REUTERS/Jason Reed PHOENIX (Reuters) – An edible oil that contains rosemary may not have been the intended source of a new batch of potentially harmful chemicals in a topical treatment for psoriasis, the Food and Drug Administration said on Wednesday.
Rosemary oil is one of several edible oils, including mint oil, that contain the ingredient rosemary.
It was found to be present in a batch of topical products marketed to treat psorias psorifera and was approved for use in a number of topical treatments, including the topical cream and gel for psoriatic arthritis, the FDA said.
The agency did not identify the products, but said it would send a letter to all of them, warning them that rosemary oil may be contaminated with potentially harmful chemical compounds.
It said that because of the nature of the topical treatments and the quantity of products distributed, it would consider the products to be safe to use as a topical agent.
The FDA has issued warnings to several brands of topical creams and gels containing rosemary, including ones sold at Walgreens and the National Health and Beauty Council, because of potential risks for allergic reactions.
The cosmetics maker said it has received more than 1,000 reports of possible allergic reactions related to the rosemary and is working with the FDA and the Food & Drug Administration to resolve any concerns.
The company, which also sells a topical cream, said the products contain the chemical compound phenylbutylmethylcarbamate (PBMC), which is known to cause serious allergic reactions in some people.
The products sold at pharmacies and other retail stores have the chemical listed as a “preservative,” but they do not have any ingredient that the FDA considers to be a “suspected ingredient,” the FDA wrote in a statement.
The department said it is now taking the products off the market, but they can be purchased at drugstores.
The brand that sells rosemary products is Healthwise Inc, and it does not have a presence on the U.S. Drug Enforcement Administration’s list of known or suspected drug manufacturers.
The product’s maker, Healthwise, did not immediately respond to a request for comment.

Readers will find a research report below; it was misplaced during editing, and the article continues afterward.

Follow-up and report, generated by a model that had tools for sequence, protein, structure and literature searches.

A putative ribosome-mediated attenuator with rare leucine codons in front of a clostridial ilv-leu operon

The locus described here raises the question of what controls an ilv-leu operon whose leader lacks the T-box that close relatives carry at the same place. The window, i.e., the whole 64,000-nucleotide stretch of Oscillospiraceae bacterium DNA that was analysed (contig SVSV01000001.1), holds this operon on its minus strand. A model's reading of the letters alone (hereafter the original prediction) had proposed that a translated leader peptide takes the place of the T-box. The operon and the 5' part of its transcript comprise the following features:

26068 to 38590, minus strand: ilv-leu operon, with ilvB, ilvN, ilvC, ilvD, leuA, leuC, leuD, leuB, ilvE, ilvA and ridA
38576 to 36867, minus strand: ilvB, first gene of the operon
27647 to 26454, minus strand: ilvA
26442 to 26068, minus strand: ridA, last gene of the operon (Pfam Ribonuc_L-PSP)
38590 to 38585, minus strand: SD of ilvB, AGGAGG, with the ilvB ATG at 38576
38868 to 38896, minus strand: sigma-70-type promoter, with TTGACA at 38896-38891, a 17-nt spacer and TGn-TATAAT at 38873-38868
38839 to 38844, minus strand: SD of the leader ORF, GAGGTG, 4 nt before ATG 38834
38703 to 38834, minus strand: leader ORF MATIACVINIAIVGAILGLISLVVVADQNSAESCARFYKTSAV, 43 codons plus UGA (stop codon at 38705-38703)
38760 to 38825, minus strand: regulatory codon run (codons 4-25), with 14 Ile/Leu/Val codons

Rosemarie is the dried flower of the herb rosemary thaliana.
The dried flower is commonly used in Asian medicine for a variety of ailments.
The chemical was detected in the topical treatment products that were distributed in June and July of this year.
The FDA said it identified the chemical in batches distributed in October, November and December.
The drug maker said the FDA found the chemical by conducting a comprehensive review of its product testing.
The drugs, including a topical gel that is a blend of three products marketed by Healthwise for use on the scalp, were distributed to patients who attended its pharmacy, according to the company.
The company did not say how many patients attended the pharmacy, nor how many were prescribed the product.
In addition to the three products, Healthway is selling two other products that contain rosemary that were not sold by Healthway, the company said.
The first product is a cream that was sold at Walmart.
The second product is the topical gel.
Healthwise did not respond to requests for comment on how the products were distributed.
A Healthwise spokeswoman declined to comment on the investigation.
The Associated Press reported that Rosemary Oil is a commonly used product in Asian herbal medicine, and the company did in fact test the product on its website and found it did not contain any of the chemicals listed in the U-2 travel alert issued in February.
A number of products sold in stores and online at pharmacies are now subject to a U-6 alert, which states that the product may be unsafe for people with or sensitive to the chemicals.
Rose marie, also known as a rosemary herb, is also known for its anti-inflammatory properties.
In March, a product called The Rosemary Essence was recalled by the U.-2 travel advisory, which noted that the ingredients listed on the package could cause a skin reaction in people who have already had a reaction to another ingredient, including rosemary extract.
In January, Health Wise announced it was recalling products that contained rosemary for use by people with skin allergies.
The Food and Consumer Protection Agency has said that the chemical is known as phenylcyclohexane methanol, or PGME.PGME, or phenyl cyclohexanone, is used in the chemical form of epoxy resins, or epoxy, which are commonly used for insulation.
It can also be used in plastics, such as PVC.
The chemicals are often found in plastics used in food packaging, according the agency.
The Rosemary Essential Oil contains PGME and is considered safe for general use, the agency said in its March advisory.
Rose Marie is an herb, so it can cause skin irritation and allergic reactions, according a 2015 study by the